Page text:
Yesterday was a good day.
A moving truck arrived at the White House — a sign that the Obamas are packing up and leaving. Really.
Also yesterday, the second day of the newly elected Congress, by a vote of 238-184, the GOP-majority House of Representatives passed the Midnight Rule Relief Act that enables Congress to repeal in a single vote any rule finalized in the last 60 legislative days of the Obama administration.
Lydia Wheeler reports for The Hill, Jan. 4, 2017, that if passed by the Senate and signed by President-elect Donald Trump, the Midnight Rule Relief Act (MRRA) would amend the Congressional Review Act to allow lawmakers to bundle together multiple rules and overturn them en masse with a joint resolution of disapproval.
Obama already has threatened to veto the bill if it were to make it to his desk before he leaves office.
Pouring cold water on the passage of MRRA, Rep. Darrell Issa (R-Calif.), while debating the bill on the floor yesterday afternoon, said that Congress has only once, in 2001, successfully repealed a rule by way of a resolution under the Congressional Review Act because both houses and the president all have to agree on the resolution to repeal a rule. Issa gave the following rather obtuse explanation:
“All this legislation does is allow for us to dispose of one or more regulations in an expedited fashion in this body and have it seen in the same form in the Senate. It doesn’t change the underlying law. Only one regulation has ever been repealed. It’s been 16 years and the few that will likely be considered under this act and underlying law will be just that, a relatively few regulations that are believed to be unnecessary on which the House, Senate and president concur.”
That, however, didn’t stop Democrats from bitching that the Midnight Rule Relief Act would allow Congress to erase months of Obama’s regulatory agenda:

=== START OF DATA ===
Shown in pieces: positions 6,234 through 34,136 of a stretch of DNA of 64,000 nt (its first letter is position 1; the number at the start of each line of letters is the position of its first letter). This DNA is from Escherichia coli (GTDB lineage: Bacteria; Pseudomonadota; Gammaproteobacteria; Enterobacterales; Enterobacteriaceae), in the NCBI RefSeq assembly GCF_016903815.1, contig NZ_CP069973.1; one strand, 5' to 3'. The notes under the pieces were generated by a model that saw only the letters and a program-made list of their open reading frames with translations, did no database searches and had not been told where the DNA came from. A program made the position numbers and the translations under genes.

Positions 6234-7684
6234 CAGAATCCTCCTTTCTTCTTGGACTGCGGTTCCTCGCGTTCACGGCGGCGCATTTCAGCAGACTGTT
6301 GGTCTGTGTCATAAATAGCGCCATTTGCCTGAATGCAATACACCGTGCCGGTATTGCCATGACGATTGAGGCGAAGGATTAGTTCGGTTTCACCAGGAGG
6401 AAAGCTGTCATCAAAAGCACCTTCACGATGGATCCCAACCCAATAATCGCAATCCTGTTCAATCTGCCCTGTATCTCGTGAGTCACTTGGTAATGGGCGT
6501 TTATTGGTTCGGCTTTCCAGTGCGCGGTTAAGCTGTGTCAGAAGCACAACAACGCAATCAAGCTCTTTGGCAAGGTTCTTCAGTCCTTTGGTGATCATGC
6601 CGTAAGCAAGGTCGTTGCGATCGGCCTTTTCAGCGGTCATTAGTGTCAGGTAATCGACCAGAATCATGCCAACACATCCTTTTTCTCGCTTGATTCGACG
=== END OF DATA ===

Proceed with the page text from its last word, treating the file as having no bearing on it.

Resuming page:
- Rep. John Conyers Jr. (D-Mich.) criticized Republicans for bringing the bill to the floor so soon: “I’m surprised that without hearings, without opportunity for amendment, we are now considering a measure that has this much opposition.”
- Rep. Hank Johnson (D-Ga.) — that bright bulb who, at a House Armed Services Committee in 2011, expressed his trepidation that moving 8,000 marines to Guam would tip over the island — resorted to fear mongering. He accused Republicans of wanting to undo Obama’s regulations that created 15 million jobs and protect “the health safety of welfare of Americans, little ones, elderly, workers and people who are consumers,” so as “to bring the standard of living Americans have come to enjoy to a halt.”
- The American Sustainable Business Council (ASBC), a 501(c)(4) non-profit organization that claims to represent over 200,000 businesses and advocates for federal-state policy changes for a more sustainable and socially-responsible economy, sent a letter to members of the House on Wednesday urging them to oppose the “anti-regulatory” Midnight Rule Relief Act because it would enable Congress to undo batches of rules without any consideration of their individual merits. David Levine, ASBC’s CEO and co-founder, said in a statement: “This would be like taking a chainsaw into surgery. Businesses depend on good regulations to set clear boundaries and rules for fair competition on a level playing field.”